Published: Feb 07, 2013 6:58 PM EST

With tax filing season heating up, an aggressive Internal Revenue Service crackdown is targeting the growing problem of criminals who use stolen identities to seek tens of thousands of dollars in fraudulent tax refunds.

Like so many other types of fraud, Florida again is a national leader. Florida tops the U.S. in identity theft complaints at 178 for every 100,000 residents, according to the Federal Trade Commission. The Miami area is even worse, at 324 complaints per 100,000 residents. Miller said Miami and Tampa are the epicenters of the problem in Florida.

In Southwest Florida, Temika williams and her family joined the ranks of thousands of potential tax fraud victims filling out sworn affidavits stating they've been wronged.  

"We went through a tax preparer, and that's when they filed it, and they were like, 'It was rejected by the I.R.S,'" Williams said.

Williams is worried her daughter Shakeria's lease with a local public housing development could be in jeopardy.

Shakeria lives in the Horizons Apartments with her three year old daughter.  Both of them were claimed in an apparent crooked return.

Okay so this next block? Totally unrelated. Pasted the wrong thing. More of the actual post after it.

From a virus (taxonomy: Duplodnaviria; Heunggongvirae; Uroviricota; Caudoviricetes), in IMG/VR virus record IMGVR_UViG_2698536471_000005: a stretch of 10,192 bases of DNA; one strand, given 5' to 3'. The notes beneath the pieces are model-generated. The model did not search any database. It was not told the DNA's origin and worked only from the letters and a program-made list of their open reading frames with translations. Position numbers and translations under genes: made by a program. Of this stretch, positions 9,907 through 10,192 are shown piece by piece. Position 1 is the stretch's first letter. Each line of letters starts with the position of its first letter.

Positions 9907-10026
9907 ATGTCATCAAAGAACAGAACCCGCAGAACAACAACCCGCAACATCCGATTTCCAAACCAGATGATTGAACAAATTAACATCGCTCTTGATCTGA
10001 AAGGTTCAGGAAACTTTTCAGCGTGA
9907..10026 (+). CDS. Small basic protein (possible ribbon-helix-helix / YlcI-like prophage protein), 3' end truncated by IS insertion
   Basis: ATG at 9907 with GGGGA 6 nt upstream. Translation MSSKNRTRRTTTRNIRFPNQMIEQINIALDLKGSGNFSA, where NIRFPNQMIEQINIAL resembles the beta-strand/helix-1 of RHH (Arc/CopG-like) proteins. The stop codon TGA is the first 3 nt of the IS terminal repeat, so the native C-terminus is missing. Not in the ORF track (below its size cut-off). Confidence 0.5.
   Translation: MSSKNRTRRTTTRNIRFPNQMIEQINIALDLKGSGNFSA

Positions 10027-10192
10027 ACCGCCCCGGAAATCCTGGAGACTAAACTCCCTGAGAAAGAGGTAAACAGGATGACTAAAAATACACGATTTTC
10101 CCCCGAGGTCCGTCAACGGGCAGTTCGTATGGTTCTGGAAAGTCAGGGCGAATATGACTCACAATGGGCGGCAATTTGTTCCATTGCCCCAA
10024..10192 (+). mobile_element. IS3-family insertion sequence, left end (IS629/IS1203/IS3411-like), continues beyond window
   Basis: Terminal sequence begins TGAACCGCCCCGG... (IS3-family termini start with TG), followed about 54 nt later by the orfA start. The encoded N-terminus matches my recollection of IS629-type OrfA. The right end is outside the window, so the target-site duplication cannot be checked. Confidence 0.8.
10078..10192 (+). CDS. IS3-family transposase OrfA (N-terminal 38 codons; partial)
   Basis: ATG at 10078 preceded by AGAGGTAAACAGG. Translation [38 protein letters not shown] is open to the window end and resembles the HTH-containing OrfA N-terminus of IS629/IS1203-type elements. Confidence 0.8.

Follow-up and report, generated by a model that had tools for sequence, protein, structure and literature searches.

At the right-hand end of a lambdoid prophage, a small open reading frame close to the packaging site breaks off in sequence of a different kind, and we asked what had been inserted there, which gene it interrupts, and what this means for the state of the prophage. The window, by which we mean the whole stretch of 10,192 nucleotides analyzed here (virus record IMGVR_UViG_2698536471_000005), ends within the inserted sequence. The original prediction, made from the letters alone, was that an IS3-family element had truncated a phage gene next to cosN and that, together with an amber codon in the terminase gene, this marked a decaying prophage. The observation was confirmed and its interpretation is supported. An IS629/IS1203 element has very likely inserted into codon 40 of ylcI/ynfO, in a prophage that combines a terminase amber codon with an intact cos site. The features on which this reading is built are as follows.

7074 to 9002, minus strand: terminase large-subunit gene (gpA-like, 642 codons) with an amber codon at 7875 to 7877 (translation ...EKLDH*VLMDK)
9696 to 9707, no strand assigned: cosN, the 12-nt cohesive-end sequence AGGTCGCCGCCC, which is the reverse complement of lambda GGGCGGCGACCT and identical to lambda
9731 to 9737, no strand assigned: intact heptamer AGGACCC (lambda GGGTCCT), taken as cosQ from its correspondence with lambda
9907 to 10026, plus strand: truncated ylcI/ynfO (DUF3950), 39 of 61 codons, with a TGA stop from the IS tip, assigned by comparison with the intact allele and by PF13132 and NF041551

"I didn't give anybody permission, didn't give out that information, so I don't know how this happened, but it happened," Williams said.

 Fort Myers Housing Authority Director Sherri Campanale says her agency requires tenants to provide proof of income to calculate their assistance, and that it's up to them to prove they've been victimized.

"It's the client's responsibility to provide us documentation that that is happening with a police report and a letter from the irs. if they don't provide us that documentation, then the ownest is on them to pay what we have found is filed under their social security number," she said.

Williams is working to get her daughter's case closed as quickly as possible, but according to I.R.S. Commissioner Steven Miller, tax fraud investigations take and average of 180 days.

In 2012, the IRS says its investigations and in-house filtering systems prevented $20 billion in would-be fraudulent refunds, up from $14 billion the year before. But Miller acknowledged that thieves still get away with stealing numerous tax refunds, although the IRS could not provide exact loss figures.

Miller told reporters Friday there is a backlog of 300,000 fraud claims in the U.S.

"I can say we are getting much better," Miller said. "We know that we need to do much, much more," he said.